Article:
After a string of softball questions from officially selected students, Ambassador Jon Huntsman read out a question that someone had sent in to the US Embassy website, asking bluntly what the president thought of Internet censorship in China.
Taking advantage of this end-run around Chinese government efforts to control all aspects of the supposedly unscripted event, Mr. Obama stressed that he had "always been a strong supporter of open Internet use" and "a big supporter of non-censorship."
His response – faithfully transcribed onto the website of the official state news agency, Xinhua – was immediately posted prominently on all four major Chinese web portals, drawing delighted reactions from some readers.
"An open country, a great president and an immortal assertion; we still have a long way to go" wrote one netizen signing himself Jiangzhongshan on Sohu.com.
It was never going to be easy in China, where officials prize predictability, to organize the sort of spontaneous discussion on live TV that Obama has made part of his political repertoire.
The White House had envisioned an unmoderated dialogue between the president and some 1,500 students asking whatever they wanted, broadcast on national television here. After a fortnight of tortured negotiations with Beijing, the US settled for a scaled-down version involving about 400 Chinese students and questions from the Internet, broadcast only on local Shanghai TV, a Hong Kong station, and on the Web.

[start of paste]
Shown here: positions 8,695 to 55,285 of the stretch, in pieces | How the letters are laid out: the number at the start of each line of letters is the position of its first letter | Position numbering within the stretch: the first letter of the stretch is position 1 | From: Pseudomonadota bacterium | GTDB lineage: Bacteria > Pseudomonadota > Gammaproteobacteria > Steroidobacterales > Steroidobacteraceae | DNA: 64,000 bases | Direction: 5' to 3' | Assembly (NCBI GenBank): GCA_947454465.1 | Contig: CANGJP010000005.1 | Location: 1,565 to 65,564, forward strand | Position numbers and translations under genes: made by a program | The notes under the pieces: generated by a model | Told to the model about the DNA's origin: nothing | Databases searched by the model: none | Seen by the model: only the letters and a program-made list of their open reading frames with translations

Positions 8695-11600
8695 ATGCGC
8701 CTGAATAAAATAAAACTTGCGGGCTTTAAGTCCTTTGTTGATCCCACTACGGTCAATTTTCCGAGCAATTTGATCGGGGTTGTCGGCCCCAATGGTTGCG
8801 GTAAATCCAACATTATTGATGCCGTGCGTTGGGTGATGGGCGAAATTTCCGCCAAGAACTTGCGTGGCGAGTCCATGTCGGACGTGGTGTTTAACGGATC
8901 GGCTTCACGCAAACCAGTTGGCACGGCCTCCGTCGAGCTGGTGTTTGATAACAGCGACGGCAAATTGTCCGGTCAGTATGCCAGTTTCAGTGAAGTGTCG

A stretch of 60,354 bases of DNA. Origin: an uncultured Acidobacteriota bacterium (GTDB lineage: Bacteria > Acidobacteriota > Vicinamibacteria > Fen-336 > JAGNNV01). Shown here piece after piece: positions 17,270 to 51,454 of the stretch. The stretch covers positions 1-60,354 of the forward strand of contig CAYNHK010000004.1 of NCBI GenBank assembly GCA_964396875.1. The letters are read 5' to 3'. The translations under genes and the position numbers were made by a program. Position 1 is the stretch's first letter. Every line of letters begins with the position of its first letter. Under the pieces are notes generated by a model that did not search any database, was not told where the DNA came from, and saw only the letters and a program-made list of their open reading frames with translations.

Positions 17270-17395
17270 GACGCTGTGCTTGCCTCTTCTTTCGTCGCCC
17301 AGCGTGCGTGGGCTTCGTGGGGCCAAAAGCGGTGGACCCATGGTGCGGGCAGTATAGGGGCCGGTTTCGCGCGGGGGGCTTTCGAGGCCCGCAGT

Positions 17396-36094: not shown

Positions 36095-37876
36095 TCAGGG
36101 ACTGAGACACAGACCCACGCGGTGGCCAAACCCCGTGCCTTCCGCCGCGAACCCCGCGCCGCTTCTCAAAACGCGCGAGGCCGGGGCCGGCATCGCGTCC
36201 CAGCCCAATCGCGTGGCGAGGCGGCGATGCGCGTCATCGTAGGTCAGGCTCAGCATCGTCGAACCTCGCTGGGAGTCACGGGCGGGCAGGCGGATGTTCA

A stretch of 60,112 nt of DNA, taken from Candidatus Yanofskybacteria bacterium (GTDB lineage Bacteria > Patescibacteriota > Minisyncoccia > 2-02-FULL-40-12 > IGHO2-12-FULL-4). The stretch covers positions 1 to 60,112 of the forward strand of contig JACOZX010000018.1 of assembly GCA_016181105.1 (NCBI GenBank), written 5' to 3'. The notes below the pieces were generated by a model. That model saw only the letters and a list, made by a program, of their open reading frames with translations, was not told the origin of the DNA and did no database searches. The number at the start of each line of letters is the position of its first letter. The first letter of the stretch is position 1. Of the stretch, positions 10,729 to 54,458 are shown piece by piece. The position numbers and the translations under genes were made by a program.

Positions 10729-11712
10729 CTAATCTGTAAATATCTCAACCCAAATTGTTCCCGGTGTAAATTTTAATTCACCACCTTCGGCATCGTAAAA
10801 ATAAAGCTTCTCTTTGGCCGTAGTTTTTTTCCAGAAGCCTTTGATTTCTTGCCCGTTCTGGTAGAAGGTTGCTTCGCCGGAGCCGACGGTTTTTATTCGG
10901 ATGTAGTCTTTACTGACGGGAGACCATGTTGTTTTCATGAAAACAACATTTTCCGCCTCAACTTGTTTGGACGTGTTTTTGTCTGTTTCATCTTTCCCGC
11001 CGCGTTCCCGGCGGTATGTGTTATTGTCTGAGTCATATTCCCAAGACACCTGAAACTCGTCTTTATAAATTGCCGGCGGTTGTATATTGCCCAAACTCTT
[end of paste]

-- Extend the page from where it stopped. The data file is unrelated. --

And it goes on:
But only determined viewers would have succeeded in following the event. Whitehouse.gov, which live streamed the meeting, was unreliable in Beijing, and though the White House Facebook page also carried it, Facebook is blocked in China, along with other social networking sites such as Twitter and YouTube.
It did not exactly allow the US president to reach out directly and touch the Chinese people's hearts, but the official Xinhua news agency carried a real-time transcript of the proceedings on its website.
Xinhua also did not flinch from the pointed references to freedom that Obama made in his introductory remarks. "These freedoms of expression and worship, of access to information and political participation, we believe are universal rights," the president said, referring to four rights curtailed in China.
The questions, though, asked by members of the audience or sent in to a government website, did not pose much of a challenge to Obama – or to Chinese censors. Topics included Obama's hometown, Chicago, his Nobel Prize, US policy in Afghanistan, and what he hopes to achieve on his current visit to China.
The students attending had clearly been vetted and their questions approved by the Chinese authorities. Two of the four questions from the audience came from student officers of the Communist Youth League, it transpired later.
Still, Obama's support for freedom of expression – even if it came in response to a planted question – inspired one viewer.
"I shall not forget this morning" Twittered @philfenghan. "I heard, on my shaky internet connection, a question about our own freedom which only a foreign leader can discuss."